If you've ever wondered what motor oil tastes like, go down to your local pub and order a pint of Guinness. We like beer as much as the next guy. In fact, occasionally we have drunk enough for us and the next guy, but Guinness is where we draw the line. On the few occasions we've ingested the thick black liquid, we've awakened the following morning with the strange sensation that we'd eaten one of our pillows while we slept. It was like having a beer float. Call us crazy, but we like to have our dessert with a cup of coffee, not in our beer. Many people out there might scoff at our distaste for the creamy beverage and point out that we are something of a disgrace to our Irish heritage. Fine. We're comfortable with that. At least more comfortable than we'd be if we ever had to drink another pint of Guinness. If you disagree, head down to The Old Monk on Friday to participate in the Great Guinness Toast, an effort to get in The Guinness Book of Records for the most people toasting at the same time. Celtic rock band The Killdares will perform at 8 p.m. The Old Monk is located at 2847 N. Henderson, and there is no cover. Call (214) 821-1880.
The Dallas Video Festival doesn't start for several weeks, but beginning Saturday, The MAC and the Dallas Video Festival are offering a preview of this year's showcase. Well, sort of. The exhibit, Wired for Living, features 13 video and film works by visual artists, including Matthew McCaslin, Nam June Paik, Kaleta Doolin, Brian Fridge, and Nic Nicosia. It's an acknowledgment of how far video art has come, finally on par with "painting and sculpture as collectible items," according to Bart Weiss, director of the Dallas Video Festival. That may be true, but it's still going to take a while to convince us that the medium responsible for Saved By the Bell: The New Class can be thought of in the same terms as painting or sculpture. See for yourself when Wired for Living opens at The MAC, 3120 McKinney, on Saturday with a free reception from 6 p.m. till 8 p.m. The exhibit continues through April 3. The 12th Annual Dallas Video Festival happens on March 25-28. Call (214) 953-1212.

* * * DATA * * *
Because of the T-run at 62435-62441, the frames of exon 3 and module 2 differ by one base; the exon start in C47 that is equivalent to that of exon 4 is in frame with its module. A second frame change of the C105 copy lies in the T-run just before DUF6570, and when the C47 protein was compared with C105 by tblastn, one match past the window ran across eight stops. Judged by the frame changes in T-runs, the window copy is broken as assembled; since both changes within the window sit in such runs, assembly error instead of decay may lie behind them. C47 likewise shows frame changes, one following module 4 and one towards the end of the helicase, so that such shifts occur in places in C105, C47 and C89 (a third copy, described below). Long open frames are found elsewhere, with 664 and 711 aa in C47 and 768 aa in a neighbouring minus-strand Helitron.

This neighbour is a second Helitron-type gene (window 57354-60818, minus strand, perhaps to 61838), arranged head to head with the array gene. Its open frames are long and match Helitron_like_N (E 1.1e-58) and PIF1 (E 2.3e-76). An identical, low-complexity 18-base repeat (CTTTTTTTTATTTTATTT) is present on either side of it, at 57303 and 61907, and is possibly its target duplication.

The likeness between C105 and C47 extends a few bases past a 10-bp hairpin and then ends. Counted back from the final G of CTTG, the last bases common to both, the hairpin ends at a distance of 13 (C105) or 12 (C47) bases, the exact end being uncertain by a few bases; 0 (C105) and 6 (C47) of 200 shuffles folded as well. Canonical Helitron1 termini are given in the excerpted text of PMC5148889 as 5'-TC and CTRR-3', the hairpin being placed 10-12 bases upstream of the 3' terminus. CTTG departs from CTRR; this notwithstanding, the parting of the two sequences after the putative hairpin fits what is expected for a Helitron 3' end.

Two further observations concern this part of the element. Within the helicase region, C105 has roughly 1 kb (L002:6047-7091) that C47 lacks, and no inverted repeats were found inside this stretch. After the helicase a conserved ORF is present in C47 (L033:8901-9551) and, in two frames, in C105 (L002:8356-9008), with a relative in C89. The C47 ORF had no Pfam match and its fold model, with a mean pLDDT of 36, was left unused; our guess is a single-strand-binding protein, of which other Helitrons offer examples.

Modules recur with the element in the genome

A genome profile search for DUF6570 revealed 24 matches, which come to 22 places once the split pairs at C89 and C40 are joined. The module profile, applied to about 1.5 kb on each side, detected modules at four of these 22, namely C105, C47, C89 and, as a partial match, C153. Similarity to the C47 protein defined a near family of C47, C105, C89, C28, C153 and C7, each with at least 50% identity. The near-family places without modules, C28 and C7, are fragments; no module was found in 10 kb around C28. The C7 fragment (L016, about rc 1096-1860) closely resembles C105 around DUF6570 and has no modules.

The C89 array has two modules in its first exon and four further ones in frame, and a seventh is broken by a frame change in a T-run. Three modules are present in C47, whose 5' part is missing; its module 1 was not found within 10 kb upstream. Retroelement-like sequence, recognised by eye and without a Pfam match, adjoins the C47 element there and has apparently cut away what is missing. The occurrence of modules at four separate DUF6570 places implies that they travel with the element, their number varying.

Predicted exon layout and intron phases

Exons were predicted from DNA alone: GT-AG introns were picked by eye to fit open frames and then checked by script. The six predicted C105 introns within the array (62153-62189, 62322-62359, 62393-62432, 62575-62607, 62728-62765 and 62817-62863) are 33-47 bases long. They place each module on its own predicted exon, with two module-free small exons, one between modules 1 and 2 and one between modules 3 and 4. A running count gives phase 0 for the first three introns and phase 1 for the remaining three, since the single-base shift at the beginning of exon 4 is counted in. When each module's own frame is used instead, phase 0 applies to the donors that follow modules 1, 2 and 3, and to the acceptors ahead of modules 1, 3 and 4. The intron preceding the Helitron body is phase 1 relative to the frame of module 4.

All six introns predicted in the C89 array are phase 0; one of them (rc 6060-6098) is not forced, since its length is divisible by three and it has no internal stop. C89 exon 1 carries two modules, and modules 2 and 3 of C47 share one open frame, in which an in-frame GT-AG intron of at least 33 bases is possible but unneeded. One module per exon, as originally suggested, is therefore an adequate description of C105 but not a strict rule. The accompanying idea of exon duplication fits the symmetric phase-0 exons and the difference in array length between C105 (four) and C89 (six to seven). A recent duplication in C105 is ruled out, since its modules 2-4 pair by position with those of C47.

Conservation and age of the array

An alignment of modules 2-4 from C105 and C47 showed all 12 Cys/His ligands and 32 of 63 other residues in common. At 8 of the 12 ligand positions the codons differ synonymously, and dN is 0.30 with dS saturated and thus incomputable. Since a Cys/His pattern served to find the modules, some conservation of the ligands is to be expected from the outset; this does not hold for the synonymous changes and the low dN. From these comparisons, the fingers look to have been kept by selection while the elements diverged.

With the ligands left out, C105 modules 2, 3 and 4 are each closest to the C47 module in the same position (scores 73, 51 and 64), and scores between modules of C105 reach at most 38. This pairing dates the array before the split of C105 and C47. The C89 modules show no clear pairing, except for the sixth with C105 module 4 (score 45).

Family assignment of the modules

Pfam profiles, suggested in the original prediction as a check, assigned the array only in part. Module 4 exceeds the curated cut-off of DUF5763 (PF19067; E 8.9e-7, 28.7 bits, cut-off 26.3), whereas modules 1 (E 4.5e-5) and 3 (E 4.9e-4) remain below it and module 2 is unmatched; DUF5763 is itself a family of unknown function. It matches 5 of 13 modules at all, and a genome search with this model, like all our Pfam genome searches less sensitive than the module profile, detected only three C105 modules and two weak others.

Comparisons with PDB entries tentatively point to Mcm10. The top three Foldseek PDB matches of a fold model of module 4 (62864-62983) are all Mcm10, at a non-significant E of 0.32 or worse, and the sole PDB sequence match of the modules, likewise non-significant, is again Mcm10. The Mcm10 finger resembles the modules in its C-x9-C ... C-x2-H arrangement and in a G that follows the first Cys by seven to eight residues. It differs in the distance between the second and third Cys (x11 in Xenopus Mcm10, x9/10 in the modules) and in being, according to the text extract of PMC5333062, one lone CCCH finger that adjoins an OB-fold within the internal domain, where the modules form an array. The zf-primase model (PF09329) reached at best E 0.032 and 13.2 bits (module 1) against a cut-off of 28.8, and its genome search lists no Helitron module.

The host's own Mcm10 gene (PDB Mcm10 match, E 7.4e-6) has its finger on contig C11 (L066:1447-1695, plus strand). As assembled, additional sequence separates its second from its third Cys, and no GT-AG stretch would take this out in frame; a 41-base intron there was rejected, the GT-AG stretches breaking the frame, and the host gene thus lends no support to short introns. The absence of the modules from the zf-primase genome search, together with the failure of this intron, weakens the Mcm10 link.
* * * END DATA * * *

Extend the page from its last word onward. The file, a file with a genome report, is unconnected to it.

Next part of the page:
Pardon us for raining on its parade, but the lineup for the two-day Third Annual Texas Independence Day Music Festival doesn't exactly strike us as, uh, exciting. It looks more like a Deep Ellum junior varsity scrimmage, featuring the likes of Shame Shame, Resident Hero, Tiffany Shea Band, Eden Automatic, Seventh Veil, and another fine mess. Kinda makes you wonder who'll be playing at the Galaxy Club and Curtain Club, since all the usual suspects will be at Sons of Hermann Hall for the festival. Of course, there are a few standouts. Well, two, actually: blues man (and Observer contributor) Josh Alan and snotty punks The Visitors. But sorry, fellas, two out of three dozen ain't good. Prove us wrong. The Third Annual Texas Independence Day Music Festival happens 2 p.m.-midnight Sunday and 7 p.m.-2 a.m. Monday at Sons of Hermann Hall, 3414 Elm. Tickets are $15 on Sunday and $10 on Monday. Call (214) 823-3966.
Since December 1990, the USA Film Festival has presented classic films on the first Monday of every month, giving people a chance to see some of the best films Hollywood ever produced as they were intended to be viewed: on a big screen. While we question the film that started the series (Funny Face), for the most part the festival's picks have been unimpeachable--not only critics' faves, but just plain good movies, whether they are Bruce Lee flicks such as Enter the Dragon or underrated gems such as The Night of the Hunter. The USA Film Festival celebrates the 100th screening of its First Monday Classics series with Alfred Hitchcock's masterpiece Notorious, starring Cary Grant and Ingrid Bergman. The screening happens at 7:30 p.m. at the AMC Glen Lakes Theatres, 9450 N. Central Expressway. Tickets are $7, $6 for USA Film Festival members. Call (214) 821-FILM.